California prisons

  • May 24, 2011
    Guest Post

    By Inimai M. Chettiar, Policy Counsel at the American Civil Liberties Union. Ms. Chettiar serves as national legislative counsel to achieve smart criminal justice reform in states across the country. She has published scholarship on the use of economic analysis to promote laws advancing social welfare.


    Yesterday’s Supreme Court opinion in Brown v. Plata is controversial only to those who do not understand the magnitude of the overincarceration epidemic in this country. The high court upheld an order mandating California to reduce prison overcrowding to remedy systemic constitutional violations. The opinion in no way mandates the blanket “early release” of prisoners; instead, it encourages the state to use prisons only when doing so would be cost-effective and increase public safety. It finds that California's prisons are so overcrowded that they violate the standard of decency required by the Constitution's ban on cruel and unusual punishment.

    Unfortunately, the Plata dissenters use alarmist language that would make readers believe Harold Camping predicted the Rapture a little too early. According to the dissenters, “three army divisions” of bloodthirsty “convicted felons” - “who have developed intimidating muscles pumping iron in the prison gym" - will soon descend upon California’s neighborhoods, leaving behind “a grim roster of victims” with “terrible things sure to happen” to us all.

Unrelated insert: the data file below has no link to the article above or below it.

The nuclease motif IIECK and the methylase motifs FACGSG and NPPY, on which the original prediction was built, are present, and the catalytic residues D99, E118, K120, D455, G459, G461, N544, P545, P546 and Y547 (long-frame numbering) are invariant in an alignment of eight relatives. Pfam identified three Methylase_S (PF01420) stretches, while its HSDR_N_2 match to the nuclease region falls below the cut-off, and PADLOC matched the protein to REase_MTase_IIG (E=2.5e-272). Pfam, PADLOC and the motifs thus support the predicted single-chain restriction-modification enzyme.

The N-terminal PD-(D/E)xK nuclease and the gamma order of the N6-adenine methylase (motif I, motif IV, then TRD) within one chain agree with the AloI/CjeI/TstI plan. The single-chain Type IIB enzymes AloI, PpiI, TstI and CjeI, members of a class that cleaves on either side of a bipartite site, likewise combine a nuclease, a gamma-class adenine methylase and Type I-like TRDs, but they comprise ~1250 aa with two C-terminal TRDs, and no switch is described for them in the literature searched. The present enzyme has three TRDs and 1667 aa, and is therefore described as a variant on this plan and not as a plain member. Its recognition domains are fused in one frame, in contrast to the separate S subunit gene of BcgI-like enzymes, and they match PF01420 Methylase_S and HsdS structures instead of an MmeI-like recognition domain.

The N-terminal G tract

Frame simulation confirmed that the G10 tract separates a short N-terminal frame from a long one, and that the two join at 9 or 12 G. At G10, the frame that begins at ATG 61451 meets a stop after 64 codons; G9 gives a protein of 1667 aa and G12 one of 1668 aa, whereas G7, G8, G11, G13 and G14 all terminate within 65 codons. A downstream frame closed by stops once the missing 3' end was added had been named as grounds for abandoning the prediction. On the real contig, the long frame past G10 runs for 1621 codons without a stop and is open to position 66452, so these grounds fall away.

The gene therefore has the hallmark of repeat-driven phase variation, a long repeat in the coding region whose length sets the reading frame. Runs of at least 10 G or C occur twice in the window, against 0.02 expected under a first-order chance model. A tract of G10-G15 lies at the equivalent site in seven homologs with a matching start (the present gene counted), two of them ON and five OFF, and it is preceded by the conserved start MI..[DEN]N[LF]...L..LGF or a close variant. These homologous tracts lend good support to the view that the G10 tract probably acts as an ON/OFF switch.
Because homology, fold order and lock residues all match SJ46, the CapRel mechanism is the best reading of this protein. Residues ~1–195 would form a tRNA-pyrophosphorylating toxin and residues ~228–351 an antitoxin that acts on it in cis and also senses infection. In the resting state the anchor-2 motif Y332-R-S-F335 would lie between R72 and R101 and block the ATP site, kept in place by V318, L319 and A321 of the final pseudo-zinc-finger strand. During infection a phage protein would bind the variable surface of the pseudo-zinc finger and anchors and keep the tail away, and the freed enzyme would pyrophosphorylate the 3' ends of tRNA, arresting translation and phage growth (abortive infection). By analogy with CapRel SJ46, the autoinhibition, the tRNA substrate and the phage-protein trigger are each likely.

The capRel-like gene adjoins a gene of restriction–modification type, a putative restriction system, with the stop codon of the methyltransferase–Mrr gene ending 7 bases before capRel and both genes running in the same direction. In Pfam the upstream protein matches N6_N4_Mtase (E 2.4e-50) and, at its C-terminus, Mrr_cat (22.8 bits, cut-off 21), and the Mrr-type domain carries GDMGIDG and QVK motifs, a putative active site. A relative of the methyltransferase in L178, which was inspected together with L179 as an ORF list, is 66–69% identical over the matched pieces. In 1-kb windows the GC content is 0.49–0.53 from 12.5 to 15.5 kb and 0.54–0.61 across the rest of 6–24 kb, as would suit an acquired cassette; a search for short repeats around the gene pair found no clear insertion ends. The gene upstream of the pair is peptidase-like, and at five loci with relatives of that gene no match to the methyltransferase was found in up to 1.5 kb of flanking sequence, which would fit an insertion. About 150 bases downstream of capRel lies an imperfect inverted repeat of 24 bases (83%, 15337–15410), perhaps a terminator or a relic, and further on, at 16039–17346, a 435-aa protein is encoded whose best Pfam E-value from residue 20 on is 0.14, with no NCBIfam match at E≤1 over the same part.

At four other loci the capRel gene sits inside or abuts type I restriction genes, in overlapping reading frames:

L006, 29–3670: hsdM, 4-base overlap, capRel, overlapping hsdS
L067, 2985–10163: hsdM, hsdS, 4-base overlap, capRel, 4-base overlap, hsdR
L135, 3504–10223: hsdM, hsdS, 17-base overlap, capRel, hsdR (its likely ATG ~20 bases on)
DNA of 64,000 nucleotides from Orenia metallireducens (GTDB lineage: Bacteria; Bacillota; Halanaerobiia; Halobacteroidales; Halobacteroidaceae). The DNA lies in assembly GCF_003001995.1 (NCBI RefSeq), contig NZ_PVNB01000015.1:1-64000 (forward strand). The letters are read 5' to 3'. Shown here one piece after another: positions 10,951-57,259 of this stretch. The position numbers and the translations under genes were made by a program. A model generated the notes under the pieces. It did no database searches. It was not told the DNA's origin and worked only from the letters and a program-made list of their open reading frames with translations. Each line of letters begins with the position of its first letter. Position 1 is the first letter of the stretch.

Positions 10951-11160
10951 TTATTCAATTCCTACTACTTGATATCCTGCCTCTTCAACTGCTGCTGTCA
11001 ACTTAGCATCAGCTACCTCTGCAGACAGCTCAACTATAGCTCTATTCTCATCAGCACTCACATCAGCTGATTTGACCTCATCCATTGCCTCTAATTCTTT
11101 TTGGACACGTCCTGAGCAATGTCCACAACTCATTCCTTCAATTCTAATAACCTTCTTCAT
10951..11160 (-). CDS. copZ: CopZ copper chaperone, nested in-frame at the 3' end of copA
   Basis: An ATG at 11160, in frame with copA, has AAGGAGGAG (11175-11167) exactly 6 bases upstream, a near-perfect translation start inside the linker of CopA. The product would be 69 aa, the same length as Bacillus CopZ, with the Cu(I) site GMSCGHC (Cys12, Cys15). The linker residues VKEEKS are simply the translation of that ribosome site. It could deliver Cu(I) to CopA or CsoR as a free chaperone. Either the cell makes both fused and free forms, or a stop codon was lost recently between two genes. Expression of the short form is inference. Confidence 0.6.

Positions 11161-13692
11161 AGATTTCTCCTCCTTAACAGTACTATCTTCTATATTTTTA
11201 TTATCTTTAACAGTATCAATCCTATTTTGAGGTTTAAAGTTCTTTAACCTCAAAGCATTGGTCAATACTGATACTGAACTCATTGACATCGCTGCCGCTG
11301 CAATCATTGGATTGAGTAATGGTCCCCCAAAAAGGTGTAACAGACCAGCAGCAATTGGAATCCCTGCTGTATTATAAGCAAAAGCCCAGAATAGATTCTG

But in their over 30 pages of opinion, the dissenters neglect to mention several key facts.  Foremost, reducing prison overcrowding will actually lead to less crime and safer neighborhoods. Our extremist sentencing policies have bloated our prisons so severely that not only are they unsafe, unhygienic, and unconstitutional, but also excessively costly and actually a detriment to public safety. The majority notes (quoting former California Governor Schwarzenegger) that “’overcrowding causes harm to people and property, leads to inmate unrest and misconduct . . . and increases recidivism as shown within this state and in others.’” California’s communities must then absorb individuals returning from prison who are often more dangerous than when they left. Improving prison conditions makes us all safer.